Review Blog

Jan 21 2013

Happy Valley by Patrick White

cover image

Text Publishing, 2012. ISBN 9781921922916.
(Age: Mature secondary - adult) Highly recommended. Appearing on best-books-of-the-year lists, the new publication of Patrick White's Happy Valley brings it back into print after a seventy year hiatus. White was apparently concerned about charges of racism and so limited its availability during his lifetime. It is a significant work, not just because it is White's first novel; and it could form a fascinating partnership with White's final, unfinished novel, The Hanging Garden (Random House) for senior English study. Both novels exude verdant symbolism as an atmospheric meter of emotion and incident. Both novels validate the feelings and insights of children and feature a friendship between a vulnerable boy and girl.
In Happy Valley, school-girl Margaret Quong is the enigmatic daughter of an Anglo-Chinese father and Australian mother. Set in the early 1930s, a tired, small-town racism exists, but hostility is also easily turned onto anyone who destabilises the currents of the ironically named Happy Valley. Newcomer, farm overseer, Clem Hagan, emits a dangerous, hard sexuality. White skilfully introduces him and then turns his focus onto a range of other town inhabitants. Even though the lives of the other characters are gripping, we know that Hagan's character is waiting on the edge, changing the dynamics and likely to precipitate a tragedy.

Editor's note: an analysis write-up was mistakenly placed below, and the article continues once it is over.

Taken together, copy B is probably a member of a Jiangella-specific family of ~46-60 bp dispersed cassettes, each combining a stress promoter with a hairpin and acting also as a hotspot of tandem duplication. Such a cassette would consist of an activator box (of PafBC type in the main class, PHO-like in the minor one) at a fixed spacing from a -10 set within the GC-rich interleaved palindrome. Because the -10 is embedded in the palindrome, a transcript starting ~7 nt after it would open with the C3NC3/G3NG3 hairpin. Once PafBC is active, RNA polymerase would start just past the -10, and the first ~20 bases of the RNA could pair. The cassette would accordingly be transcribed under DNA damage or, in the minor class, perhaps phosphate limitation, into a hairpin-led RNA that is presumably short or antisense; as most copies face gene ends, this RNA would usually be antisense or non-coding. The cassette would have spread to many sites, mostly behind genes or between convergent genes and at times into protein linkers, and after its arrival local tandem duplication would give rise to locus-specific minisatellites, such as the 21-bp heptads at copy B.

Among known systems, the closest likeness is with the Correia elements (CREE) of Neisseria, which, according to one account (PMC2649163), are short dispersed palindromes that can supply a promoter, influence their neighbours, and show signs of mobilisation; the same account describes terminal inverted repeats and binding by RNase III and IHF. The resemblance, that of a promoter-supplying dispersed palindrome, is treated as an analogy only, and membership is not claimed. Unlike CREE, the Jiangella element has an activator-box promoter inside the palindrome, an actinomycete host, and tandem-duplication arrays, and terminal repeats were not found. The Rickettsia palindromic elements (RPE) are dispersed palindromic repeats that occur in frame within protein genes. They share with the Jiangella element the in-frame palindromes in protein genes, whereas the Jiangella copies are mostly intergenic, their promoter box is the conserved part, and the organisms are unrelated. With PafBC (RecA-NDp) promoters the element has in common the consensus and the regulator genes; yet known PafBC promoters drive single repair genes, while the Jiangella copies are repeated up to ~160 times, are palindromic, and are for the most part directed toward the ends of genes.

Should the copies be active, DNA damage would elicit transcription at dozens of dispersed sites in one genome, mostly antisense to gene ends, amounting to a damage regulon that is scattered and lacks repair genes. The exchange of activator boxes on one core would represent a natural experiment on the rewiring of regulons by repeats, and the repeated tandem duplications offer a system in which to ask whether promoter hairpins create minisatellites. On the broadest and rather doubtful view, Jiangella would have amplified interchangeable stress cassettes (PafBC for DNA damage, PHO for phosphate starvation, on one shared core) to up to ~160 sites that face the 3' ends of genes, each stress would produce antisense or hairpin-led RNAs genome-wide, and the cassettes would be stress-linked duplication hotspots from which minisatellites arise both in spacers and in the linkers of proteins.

Two of the featured families, the Hallidays and the Moriartys, seem to be dissimilar; apart from teacher, Ernest Moriarty's asthma and Hilda Halliday's consumptive cough but their spouses' affairs with others make them incongruously alike. It is the children, Margaret and Rodney Halliday, who recognise truth first. The adults must later choose their own futures.
Patrick White's writing is laden with experimental devices. He judiciously (some may disagree) uses stream-of-consciousness, repetitions, unconventional word order in sentences and perfectly formed and injected images. The writing techniques alone deserve study and critique.
Joy Lawn

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